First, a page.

Salt water pools are gaining in popularity largely due to their benefits over traditional swimming pools. Salt water pools can generate hypochlorous acid, or chlorine, and reduce the need for pool chemicals. The lack of chemicals means less money spent and less time testing and maintaining the proper chemical levels in the water. Salt water pools are typically less harsh on the skin, reducing the dry skin and irritated eyes often associated with typical chlorinated pools. Determining salt levels and adding salt to your pool before opening for the first swim of the season is fairly simple. A saline test will tell you how much salt or chlorine is already in the pool and how much more must be added or subtracted.
Things You'll Need
Salt (solar salt flakes, food grade salt, brine blocks, water softener pellets)
Purchase a saline test from the pool supply store. Follow the instructions to test to salt content of your pool. This will determine the level of salt already in the pool, whether from chlorine tablets or salt water. To know how much salt you must add to the water before opening the pool, this test is imperative. You only need to conduct a saline test once or twice a year.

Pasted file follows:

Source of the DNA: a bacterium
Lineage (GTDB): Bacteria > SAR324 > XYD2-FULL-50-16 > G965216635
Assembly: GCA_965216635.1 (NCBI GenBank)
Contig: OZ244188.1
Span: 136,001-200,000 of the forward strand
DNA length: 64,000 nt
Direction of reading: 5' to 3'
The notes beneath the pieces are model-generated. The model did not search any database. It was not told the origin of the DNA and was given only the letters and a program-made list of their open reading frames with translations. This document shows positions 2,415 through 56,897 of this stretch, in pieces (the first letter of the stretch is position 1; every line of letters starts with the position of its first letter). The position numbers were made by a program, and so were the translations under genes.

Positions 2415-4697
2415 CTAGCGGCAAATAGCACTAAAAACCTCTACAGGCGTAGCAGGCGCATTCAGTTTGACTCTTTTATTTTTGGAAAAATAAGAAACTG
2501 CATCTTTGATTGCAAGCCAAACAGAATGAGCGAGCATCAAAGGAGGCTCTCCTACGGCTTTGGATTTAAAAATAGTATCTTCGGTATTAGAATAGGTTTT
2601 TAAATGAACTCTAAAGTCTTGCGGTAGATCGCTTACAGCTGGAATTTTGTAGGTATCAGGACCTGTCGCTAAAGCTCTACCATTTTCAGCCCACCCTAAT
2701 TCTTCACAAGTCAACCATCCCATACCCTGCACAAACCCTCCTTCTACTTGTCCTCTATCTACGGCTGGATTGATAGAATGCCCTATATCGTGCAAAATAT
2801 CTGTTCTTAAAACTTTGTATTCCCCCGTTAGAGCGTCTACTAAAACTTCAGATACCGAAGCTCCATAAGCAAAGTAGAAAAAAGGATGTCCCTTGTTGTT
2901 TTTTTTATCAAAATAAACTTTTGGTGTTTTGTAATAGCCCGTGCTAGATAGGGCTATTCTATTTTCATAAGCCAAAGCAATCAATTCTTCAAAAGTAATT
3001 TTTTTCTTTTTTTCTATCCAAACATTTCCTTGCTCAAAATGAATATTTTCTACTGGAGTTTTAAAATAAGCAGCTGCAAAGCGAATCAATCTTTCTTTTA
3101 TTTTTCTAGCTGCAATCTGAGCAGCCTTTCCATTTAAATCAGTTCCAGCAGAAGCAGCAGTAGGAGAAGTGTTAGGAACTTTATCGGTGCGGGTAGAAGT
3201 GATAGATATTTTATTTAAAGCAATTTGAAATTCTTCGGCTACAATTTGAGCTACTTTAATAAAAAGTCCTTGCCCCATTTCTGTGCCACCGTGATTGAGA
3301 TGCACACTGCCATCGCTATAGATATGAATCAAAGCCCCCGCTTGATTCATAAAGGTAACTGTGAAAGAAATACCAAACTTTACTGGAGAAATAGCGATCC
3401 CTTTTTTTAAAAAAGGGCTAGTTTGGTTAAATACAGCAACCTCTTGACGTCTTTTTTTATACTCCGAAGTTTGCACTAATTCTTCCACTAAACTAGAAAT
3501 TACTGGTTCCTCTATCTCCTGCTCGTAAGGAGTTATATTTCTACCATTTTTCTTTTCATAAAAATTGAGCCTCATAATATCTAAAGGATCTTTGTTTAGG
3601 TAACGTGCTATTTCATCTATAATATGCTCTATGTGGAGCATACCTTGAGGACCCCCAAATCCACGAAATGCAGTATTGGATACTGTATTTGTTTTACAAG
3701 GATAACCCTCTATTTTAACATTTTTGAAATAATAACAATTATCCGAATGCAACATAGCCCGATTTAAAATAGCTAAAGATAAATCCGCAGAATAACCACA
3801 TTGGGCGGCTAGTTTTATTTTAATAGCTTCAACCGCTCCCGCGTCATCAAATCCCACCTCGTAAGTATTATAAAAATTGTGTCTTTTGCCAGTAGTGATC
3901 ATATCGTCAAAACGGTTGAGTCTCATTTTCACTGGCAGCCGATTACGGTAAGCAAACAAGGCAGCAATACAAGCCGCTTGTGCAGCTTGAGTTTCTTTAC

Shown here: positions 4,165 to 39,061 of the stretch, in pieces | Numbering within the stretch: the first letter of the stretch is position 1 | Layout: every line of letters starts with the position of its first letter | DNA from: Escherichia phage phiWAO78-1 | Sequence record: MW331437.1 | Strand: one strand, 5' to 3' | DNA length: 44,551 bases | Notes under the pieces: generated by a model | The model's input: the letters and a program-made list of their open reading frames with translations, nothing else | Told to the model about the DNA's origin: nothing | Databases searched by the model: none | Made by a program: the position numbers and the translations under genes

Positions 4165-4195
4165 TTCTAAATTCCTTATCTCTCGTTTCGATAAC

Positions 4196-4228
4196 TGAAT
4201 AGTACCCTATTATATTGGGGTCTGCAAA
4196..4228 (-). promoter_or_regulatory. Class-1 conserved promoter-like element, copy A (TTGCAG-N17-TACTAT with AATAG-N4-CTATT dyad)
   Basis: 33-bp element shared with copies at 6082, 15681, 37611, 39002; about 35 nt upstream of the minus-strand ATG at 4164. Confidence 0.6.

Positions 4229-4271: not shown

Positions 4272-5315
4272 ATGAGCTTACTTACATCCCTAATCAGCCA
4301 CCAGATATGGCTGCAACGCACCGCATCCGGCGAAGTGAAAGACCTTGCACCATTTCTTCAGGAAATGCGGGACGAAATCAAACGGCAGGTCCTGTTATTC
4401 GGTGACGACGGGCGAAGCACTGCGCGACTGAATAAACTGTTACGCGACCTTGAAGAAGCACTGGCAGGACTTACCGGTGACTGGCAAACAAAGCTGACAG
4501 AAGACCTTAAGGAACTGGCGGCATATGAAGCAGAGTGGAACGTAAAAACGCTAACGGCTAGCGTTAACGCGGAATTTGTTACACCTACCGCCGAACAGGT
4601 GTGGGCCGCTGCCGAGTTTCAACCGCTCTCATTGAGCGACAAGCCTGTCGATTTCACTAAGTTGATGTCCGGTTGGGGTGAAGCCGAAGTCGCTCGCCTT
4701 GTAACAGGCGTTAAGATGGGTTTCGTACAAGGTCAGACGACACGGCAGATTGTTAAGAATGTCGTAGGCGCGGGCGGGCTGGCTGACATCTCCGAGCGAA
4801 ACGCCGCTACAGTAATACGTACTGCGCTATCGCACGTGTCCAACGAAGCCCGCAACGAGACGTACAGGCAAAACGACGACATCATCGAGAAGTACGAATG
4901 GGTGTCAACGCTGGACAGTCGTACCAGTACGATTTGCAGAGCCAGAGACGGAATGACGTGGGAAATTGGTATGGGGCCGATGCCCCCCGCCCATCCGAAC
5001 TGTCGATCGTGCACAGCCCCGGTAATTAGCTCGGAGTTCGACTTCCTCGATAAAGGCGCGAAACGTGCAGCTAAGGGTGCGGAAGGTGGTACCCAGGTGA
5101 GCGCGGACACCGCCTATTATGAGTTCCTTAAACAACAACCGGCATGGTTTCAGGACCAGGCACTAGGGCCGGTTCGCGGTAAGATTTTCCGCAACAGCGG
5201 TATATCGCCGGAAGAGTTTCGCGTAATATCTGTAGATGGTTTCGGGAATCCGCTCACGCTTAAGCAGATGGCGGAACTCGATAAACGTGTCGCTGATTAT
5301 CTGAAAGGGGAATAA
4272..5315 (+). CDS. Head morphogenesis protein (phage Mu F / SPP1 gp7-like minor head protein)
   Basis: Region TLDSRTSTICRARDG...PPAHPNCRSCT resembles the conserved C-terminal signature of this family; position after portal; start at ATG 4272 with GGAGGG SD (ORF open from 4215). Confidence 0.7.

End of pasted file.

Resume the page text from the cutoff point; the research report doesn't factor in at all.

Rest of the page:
Determine the amount of salt you must add to your pool to obtain the optimal level. Ideally, you want between 2,000 and 4,000 parts per million. To obtain 4,000 parts per million in a freshly filled pool with no salt water, add 50 pounds of salt per 2,000 gallons. Calculate how much salt you will need to add based on the number of gallons in your pool.
Open the pool’s drain and turn on the pump. Slowly pour the salt into the pool’s pump.
Run the pump for at least 24 hours to dissolve and disperse the salt throughout the pool.
Use a chlorine generator to eliminate bacteria and algae build up. A chlorine generator produces chlorine from the salt water through the process of electrolysis. The water passes through the generator, salt is converted to common chlorine then ultimately reverts back to salt. You don't need chlorine tables. The salt does not run out, resulting in little maintenance and lower costs without having to purchase the tablets of chlorine.
Too much salt can lead to salty-tasting water and eventually corrode pool equipment. If your pool contains excess salt content (more than 6,000 part per million), you need to drain some of the water, refill with fresh water and retest the salt levels.